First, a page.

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Old 05-20-2011, 05:14 PM
 
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I just finished watching "Waiting for Superman" (which I highly recommend).

In the film, they reasoned that lots of technical jobs were being outsourced in America because there were not enough technically qualified candidates to fill them.

I've heard the complete opposite on this and other forums.

Thus I ask, do you believe this is why jobs are being outsourced?
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Old 05-20-2011, 06:49 PM
 
Location: Massachusetts
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No. Jobs are outsourced b/c labor overseas is cheaper. And the businesses that outsource love to blame academia for why they outsource so that busiiness doesn't look like the unpatriotic bad guy. Businesses often go overseas for tax breaks, cheap labor, materials, etc. and they always reason that they "have" to in order to stay afloat.

But it's sort of ridiculous to say that U.S. college graduates are not "qualified" for a position as a customer service rep or telemarketer or even "techie"; there are plenty of qualified people for those positions, they just demand a higher pay check b/c they live in a country with a higher cost of living. So, by going overseas, the company can pocket the larger difference between labor and product cost. The result is usually a lower-costing product but less jobs and job stability for U.S. citizens, which is why the working class in the U.S. has become a land of consumers living off of credit.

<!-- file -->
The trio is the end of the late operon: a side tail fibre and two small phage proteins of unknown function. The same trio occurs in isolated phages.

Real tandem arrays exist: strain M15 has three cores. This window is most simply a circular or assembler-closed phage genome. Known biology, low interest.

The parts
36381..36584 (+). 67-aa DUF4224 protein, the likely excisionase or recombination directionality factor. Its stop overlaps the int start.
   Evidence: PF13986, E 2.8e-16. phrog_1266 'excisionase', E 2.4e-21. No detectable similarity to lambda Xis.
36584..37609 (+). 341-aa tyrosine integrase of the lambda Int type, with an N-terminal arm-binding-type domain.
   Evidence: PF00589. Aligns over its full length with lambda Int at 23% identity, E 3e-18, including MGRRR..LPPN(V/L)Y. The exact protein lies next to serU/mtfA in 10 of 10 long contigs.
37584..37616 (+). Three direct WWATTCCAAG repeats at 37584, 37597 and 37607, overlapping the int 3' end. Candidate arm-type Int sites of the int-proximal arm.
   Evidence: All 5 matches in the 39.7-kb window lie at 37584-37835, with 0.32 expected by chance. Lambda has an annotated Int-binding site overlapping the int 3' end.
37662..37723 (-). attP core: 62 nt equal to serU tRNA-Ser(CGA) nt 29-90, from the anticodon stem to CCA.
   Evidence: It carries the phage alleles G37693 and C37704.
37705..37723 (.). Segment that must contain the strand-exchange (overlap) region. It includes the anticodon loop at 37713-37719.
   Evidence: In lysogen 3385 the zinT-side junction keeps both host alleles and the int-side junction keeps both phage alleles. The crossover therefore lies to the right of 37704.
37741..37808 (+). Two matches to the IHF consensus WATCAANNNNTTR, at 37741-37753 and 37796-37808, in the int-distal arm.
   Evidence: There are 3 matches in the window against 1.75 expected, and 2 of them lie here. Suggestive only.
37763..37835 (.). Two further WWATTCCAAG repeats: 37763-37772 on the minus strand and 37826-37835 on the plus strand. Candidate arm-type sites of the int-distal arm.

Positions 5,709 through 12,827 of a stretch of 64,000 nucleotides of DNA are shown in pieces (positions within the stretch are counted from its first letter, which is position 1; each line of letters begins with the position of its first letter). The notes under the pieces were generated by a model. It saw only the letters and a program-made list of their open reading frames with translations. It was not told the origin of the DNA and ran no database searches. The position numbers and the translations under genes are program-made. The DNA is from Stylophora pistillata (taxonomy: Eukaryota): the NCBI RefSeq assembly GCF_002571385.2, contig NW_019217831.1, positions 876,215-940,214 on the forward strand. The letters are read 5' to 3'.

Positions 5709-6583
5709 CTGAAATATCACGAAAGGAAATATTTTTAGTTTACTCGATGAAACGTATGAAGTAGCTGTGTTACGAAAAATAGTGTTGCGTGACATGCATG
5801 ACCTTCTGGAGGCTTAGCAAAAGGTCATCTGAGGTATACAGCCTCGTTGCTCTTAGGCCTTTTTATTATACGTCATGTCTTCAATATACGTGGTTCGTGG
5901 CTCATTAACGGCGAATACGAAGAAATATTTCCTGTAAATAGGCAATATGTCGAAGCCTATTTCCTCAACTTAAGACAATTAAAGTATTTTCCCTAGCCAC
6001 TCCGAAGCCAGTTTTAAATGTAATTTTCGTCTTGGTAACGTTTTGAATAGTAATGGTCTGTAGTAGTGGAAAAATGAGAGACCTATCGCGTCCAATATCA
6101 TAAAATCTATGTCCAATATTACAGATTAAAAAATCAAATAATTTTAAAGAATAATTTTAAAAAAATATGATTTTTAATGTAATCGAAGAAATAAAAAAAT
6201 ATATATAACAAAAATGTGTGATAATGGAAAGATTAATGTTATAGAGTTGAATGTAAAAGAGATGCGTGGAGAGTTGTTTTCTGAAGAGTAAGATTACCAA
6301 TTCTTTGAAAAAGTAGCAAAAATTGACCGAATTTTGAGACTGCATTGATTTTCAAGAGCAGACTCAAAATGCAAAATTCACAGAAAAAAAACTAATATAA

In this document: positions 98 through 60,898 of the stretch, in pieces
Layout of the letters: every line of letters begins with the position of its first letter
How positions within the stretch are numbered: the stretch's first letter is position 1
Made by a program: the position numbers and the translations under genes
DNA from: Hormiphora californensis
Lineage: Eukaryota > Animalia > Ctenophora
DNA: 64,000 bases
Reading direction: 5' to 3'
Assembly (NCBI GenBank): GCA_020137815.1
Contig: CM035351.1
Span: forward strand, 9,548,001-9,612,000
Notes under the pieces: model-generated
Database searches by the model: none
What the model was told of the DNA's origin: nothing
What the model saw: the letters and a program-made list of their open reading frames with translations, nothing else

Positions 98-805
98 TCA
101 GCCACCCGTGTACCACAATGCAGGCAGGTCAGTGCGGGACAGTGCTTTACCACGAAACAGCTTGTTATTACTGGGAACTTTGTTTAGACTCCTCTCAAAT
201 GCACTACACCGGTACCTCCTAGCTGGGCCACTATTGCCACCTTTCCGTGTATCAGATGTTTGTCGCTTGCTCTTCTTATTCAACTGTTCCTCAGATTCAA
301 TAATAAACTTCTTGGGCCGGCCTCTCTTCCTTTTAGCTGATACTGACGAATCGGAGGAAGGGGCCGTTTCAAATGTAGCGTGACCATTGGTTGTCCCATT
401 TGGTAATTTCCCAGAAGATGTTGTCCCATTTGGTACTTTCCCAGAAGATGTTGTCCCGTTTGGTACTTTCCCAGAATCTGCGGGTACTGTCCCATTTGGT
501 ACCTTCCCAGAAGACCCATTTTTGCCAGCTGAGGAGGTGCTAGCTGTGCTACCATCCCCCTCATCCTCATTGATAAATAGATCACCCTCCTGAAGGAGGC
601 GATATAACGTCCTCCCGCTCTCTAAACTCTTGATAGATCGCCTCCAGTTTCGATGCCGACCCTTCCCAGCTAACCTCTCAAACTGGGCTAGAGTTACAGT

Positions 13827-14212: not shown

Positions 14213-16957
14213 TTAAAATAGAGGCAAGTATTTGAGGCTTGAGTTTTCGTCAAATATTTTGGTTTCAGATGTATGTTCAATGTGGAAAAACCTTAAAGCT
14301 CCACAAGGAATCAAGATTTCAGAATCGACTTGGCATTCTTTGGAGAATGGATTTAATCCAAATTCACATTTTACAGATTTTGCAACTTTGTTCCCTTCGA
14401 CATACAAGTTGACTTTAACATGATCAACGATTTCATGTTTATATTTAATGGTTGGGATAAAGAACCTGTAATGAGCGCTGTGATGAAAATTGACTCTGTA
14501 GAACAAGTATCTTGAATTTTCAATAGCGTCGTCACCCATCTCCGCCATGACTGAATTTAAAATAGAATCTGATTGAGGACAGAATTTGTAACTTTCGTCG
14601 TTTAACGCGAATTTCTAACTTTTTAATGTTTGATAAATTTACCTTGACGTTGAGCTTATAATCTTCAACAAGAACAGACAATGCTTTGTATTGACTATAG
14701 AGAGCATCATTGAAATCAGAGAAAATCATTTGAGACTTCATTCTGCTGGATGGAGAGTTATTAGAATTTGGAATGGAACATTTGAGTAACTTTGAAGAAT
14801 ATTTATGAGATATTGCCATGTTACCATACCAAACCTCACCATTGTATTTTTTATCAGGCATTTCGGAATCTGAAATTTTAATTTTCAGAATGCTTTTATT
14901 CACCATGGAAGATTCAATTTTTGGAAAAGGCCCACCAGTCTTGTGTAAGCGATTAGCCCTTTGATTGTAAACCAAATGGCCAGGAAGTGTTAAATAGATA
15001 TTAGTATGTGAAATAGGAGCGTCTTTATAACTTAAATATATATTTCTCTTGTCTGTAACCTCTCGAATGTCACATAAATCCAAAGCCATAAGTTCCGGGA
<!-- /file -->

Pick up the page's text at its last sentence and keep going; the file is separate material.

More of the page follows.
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Old 05-21-2011, 05:47 PM
 
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Quote:
Originally Posted by StarlaJane View Post
No. Jobs are outsourced b/c labor overseas is cheaper. And the businesses that outsource love to blame academia for why they outsource so that busiiness doesn't look like the unpatriotic bad guy. Businesses often go overseas for tax breaks, cheap labor, materials, etc. and they always reason that they "have" to in order to stay afloat.

But it's sort of ridiculous to say that U.S. college graduates are not "qualified" for a position as a customer service rep or telemarketer or even "techie"; there are plenty of qualified people for those positions, they just demand a higher pay check b/c they live in a country with a higher cost of living. So, by going overseas, the company can pocket the larger difference between labor and product cost. The result is usually a lower-costing product but less jobs and job stability for U.S. citizens, which is why the working class in the U.S. has become a land of consumers living off of credit.